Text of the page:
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February 2001
"Cycladophorids" are common and diverse in the Paleocene of ODP Site 1121, Campbell Plateau, SE of New Zealand. The taxon described and illustrated here is the most common, especially in the Late Paleocene (RP5-6). For expediency it is treated as a single species although it is quite conceivable that the range encompasses several species.

Cycladophora aff. cosma Lombari and Lazarus
aff. Cycladophora cosma cosma Lombari and Lazarus 1988, p. 104, pl. 1, fig. 1-6
aff. Clathrocycloma parcum Foreman 1973, p. 434, pl. 2, fig. 13; pl. 11, fig. 12.
Diplocyclas pseudobicorona pseudobicorona Nishimura, 1992 (in part), p. 340, pl. 4, fig. 5.

Description: Conical test of 2 segments. Small spheroidal cephalis has divergent apical and vertical horns; vertical horn is the same size or smaller than apical horn. Dorsal and lateral bars may emerge from upper thorax as short radially disposed spines. Thorax has a weak shoulder proximally, at level at which spines emerge, remainder being variable in shape from evenly conical to campanulate. Distal margin typically flared with ragged termination. Simple circular pores increase gradually in size from cephalis to basal margin.

Remarks: Distinguished from C. cosma cosma by absence of thorns on the apical spine and the tendency towards a campanulate outline. In this latter respect this species resembles Clathrocycloma parcum Foreman which is distinguished by having a vertical tube (cephalopyle of Pessagno, 1969) rather than a vertical spine. Rare variants in which the vertical spine is missing (as in Nishimura's specimen) are included.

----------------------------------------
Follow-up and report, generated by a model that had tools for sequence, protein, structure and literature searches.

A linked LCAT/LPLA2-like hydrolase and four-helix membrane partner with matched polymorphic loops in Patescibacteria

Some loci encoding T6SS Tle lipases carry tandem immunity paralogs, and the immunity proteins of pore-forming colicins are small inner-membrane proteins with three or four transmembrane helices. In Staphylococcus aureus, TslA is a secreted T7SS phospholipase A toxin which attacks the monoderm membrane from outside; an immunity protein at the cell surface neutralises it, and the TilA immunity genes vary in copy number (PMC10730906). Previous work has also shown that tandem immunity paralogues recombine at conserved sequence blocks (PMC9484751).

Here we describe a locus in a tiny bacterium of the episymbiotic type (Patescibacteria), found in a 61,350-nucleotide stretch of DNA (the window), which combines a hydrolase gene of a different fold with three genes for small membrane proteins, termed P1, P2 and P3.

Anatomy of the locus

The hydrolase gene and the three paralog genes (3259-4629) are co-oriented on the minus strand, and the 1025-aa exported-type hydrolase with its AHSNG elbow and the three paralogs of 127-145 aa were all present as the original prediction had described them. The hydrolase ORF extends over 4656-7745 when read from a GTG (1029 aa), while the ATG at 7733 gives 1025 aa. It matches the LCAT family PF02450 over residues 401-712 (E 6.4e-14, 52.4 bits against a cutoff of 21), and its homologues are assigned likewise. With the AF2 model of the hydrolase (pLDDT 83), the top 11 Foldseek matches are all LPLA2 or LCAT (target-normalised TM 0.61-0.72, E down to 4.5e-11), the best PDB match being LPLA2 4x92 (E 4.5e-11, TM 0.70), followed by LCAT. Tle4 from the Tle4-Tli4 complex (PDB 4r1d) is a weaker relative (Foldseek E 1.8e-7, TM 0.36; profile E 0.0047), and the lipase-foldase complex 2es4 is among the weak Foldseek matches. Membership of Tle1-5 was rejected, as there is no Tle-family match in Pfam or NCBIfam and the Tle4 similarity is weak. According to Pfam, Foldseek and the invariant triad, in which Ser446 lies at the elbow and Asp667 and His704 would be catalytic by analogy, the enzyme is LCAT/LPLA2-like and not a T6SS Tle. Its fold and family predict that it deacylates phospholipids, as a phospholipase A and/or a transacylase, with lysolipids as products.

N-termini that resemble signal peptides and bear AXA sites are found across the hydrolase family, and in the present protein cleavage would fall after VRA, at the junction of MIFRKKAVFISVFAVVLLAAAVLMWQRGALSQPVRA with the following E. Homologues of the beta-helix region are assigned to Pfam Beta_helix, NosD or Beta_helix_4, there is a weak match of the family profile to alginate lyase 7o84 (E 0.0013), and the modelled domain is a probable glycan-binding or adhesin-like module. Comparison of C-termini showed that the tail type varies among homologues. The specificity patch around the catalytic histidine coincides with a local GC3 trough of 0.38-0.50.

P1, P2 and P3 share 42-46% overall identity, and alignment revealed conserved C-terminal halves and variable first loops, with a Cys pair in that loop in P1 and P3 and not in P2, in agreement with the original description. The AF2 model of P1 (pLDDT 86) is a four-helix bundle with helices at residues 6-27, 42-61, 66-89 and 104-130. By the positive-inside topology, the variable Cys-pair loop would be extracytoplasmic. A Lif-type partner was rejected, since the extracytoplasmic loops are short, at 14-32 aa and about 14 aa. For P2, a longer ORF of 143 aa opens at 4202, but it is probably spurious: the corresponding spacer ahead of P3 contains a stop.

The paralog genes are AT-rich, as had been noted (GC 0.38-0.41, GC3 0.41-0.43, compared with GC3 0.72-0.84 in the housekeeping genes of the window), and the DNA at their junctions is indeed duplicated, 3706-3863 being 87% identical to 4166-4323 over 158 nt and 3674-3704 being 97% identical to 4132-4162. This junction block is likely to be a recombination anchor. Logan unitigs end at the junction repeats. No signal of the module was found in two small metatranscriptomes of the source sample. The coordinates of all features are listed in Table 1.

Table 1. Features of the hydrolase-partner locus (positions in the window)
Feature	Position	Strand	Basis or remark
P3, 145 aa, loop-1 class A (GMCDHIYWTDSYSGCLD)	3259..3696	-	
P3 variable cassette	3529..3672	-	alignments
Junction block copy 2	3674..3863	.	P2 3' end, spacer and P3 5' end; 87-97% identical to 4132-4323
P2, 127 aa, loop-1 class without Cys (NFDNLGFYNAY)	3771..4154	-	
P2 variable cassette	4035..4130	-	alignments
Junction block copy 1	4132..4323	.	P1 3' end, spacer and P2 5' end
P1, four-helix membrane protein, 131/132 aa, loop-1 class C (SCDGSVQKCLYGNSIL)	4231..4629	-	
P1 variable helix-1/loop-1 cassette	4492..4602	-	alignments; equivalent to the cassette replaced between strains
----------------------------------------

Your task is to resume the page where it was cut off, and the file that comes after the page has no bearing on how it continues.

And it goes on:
Occurrence: ODP Site 1121, Campbell Plateau, rare in RP4, common in RP5-6; DSDP Site 208, Lord Howe Rise, rare from RP4 to RP5.

Chris Hollis 2001/01/31

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Pictures 2-3

Chris Hollis (2001/01/31)

Pictures 4-5

Chris Hollis (2001/01/31)

Most of specimens of Diplocyclas pseudobicorona pseudobicorona are
constructed by smaller and and less stout skeletons than those of
Clathrocycloma parcum at DSDP Site 384.

Akiko Nishimura (2001/02/01)

First - I don't know what it is. Sorry! Chris points out that there are a couple subtle differences between the Paleocene form and the Neogene species. Thus I would agree it is not C.cosma, altho if I were scanning a Neogene slide for strat work (ie not looking too closely at taxa with no known strat value) I might well identify such Paleocene specimens as C.cosma by mistake. In hunting thru the older literature for possible equivalents, given the limitations of older illustrations, I would suggest that the geologic age of the material be taken into account (and also not forget that many of the old age estimates were seriously wrong). And, I would recommend if possible a reexamination of the type material. Good luck! - dave

Dave Lazarus (2001/02/02)

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